Turquoise blue lake in front of Fox Glacier
I hate the cold. My toes despise being shut away in woolen socks and heavy shoes, I feel bulky and overstuffed in sweaters and scarves, and my always-cool hands freeze through the winter. But, I do love the holidays and the contrast of warm melting food with the cool crisp air.
Ice on the glacier
When we first began discussing hiking Fox Glacier, my worry was not whether I would be able to physically endure hiking for eight hours up steep ice and across a mountain, but whether I would be warm enough to last the day. It turns out that climbing up a glacier is pretty hard work; I was not only warm but hot and began shedding layers of thermal sweaters as we hiked. We started by trudging 900 steps from the bottom of the glacier to the point where the ice crawled down the mountainside. There, we strapped our heavy hiking boots to crampons, a fancy word for metal spikes hooked to straps which could double as a medieval torture device.
At the beginning, we walked on steps carved into the ice every day with pickaxes by the ultra-fit folks at Fox Glacier Guides. Then, we went off the beaten path following our guides Jenny and Jerm who sprayed ice chips behind them as they notched small footholds for our feet to cling in the slippery ice.
The scenery, ever varying, ever beautiful, was like nothing we had ever seen before. Every guidebook lists Fox and Franz Josef glaciers as a "must see" and they are --- we felt like insignificant insects in the columns and hills of ice that twirled and whirled around us. As we went into each gully and crevice, we felt like we could chance upon Superman's Fortress of Solitude at any moment.
It was about two o'clock when we started thinking about chocolate. I blame the cold and the white fluffy clouds that look like marshmallows and the pit in my stomach developing from constantly climbing up and down ice.
It wasn't just any chocolate we were craving --- though I wouldn't have said no to a Snickers bar right then --- it was thick, luscious, creamy chocolate with a hint of cinnamon and chili pepper that would warm my throat and my stomach.
Blue peaking out from the ice
Don't get me wrong. We were still in awe, amazed by the incredible alienness of the place and the way the blues fled across the white of the ice and the gray of the dust that coated the ice crystals. But, we also wanted chocolate in our bellies.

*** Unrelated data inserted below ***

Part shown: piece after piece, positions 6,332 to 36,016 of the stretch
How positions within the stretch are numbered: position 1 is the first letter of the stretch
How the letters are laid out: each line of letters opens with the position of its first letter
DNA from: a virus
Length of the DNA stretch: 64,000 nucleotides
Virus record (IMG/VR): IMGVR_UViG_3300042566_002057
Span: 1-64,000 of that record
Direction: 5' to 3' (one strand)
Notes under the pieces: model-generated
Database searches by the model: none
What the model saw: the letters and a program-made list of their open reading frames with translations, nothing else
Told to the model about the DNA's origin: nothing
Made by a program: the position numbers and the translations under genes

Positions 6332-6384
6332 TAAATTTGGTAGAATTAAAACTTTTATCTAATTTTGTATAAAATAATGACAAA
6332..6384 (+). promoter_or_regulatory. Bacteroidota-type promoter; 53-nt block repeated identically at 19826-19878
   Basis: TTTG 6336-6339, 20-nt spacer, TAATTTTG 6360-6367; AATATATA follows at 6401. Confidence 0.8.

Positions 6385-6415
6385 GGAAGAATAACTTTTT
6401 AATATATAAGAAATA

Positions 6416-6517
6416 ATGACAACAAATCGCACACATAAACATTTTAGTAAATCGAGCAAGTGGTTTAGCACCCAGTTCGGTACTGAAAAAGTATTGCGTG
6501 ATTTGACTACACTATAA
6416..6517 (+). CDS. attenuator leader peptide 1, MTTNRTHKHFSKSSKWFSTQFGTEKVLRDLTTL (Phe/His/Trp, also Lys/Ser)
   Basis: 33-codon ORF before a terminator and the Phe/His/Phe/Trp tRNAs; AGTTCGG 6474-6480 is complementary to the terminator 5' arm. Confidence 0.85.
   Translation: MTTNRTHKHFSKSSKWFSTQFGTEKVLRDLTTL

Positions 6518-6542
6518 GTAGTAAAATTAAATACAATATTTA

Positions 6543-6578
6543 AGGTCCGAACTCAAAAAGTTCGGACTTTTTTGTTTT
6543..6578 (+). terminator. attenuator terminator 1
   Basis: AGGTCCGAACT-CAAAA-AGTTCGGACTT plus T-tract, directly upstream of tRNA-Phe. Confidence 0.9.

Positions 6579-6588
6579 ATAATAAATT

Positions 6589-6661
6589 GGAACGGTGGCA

Chocolate simmering with cinnamon and chilies
That, of course, led to a discussion of our favorite foods and after several mentioned that they wanted pizza or chocolate or a steak sandwich or whatever, I said that I wished I could have a plate of homemade pasta with lemon braised baby artichokes with slow roasted tomatoes and bufala mozzarella on the side. I think the people we were hiking with thought I was weird.
Pouring spiced chocolate
That has nothing at all to do with this spiced chocolate or with glacier hiking, of course. The point of this rambling story is that glacier hiking is as incredible as spiced chocolate. Both are "must do" items in our books though one will chill you to your bones and the other will warm you to your toes.
Spiced chocolate, thick and creamy
On second thought, maybe they do go well together since you are certain to burn off calories in the ice and gain some calories with the chocolate. And, whether you plan to spend time playing in the cold, basking in front of a fire with some hot cocoa, or enjoying time with your family this weekend, we hope that you have very happy holidays.
Fox Glacier Guides is the only touring company for Fox Glacier. Both our guides were fun and friendly and, if you have the endurance, we recommend doing the full-day Nimble Fox tour rather than the half-day Fox Trot which only goes up the pre-carved steps.
Views of Fox Glacier from Peak Viewpoint; Franz Josef glacier
If you have time, drive to Peak Viewpoint about 5 kilometers from town to see a complete view of the glacier and the mountains. Franz Josef glacier seemed a bit more touristy than Fox Glacier but at Franz Josef you can go through ice caves on your hikes. We chose Fox Glacier because we wanted a less touristy atmosphere but I think both are good choices.
I don't normally mention campervan parks because there isn't much to say but the Fox Glacier Holiday Park is worth a mention because it is the best holiday park we stayed at in New Zealand. The kitchen was large and spacious with ten stovetops, the Internet was fast and cheap, and, best of all, the showers were huge with plenty of hot water and had an attached dressing area. We meant to stay one night but stayed here for two nights because we loved this holiday park.
Adapted significantly from David Lebovitz Wittamer's Belgian Hot Chocolate
Time: 10 minutes
Serves: 4 people
8 ounces bittersweet or semi-sweet chocolate (we like bittersweet but semisweet would work well too)
1 pint fat free half-and-half
tiny pinch of salt
1 teaspoon of cinnamon
1 dried red chile pepper, sliced open and seeds removed
1 1/2 teaspoons of brown sugar
1. Warm one cup of half-and-half over medium-low heat with chili pepper, chopped chocolate, and pinch of salt, stirring until chocolate is smooth and melted.
2. Whisk in remaining half-and-half a little at a time until chocolate reaches desired consistency. I like my hot chocolate nice and thick, so I only used half a cup. Add brown sugar and cinnamon.
3. Remove chili pepper from hot chocolate. (If you like your hot chocolate a little spicier, you could add a pinch of chili powder at this point.)
4. Use a hand-held blender or a whisk to mix the hot chocolate until very smooth. Serve warm in small cups. This is rich and delicious stuff!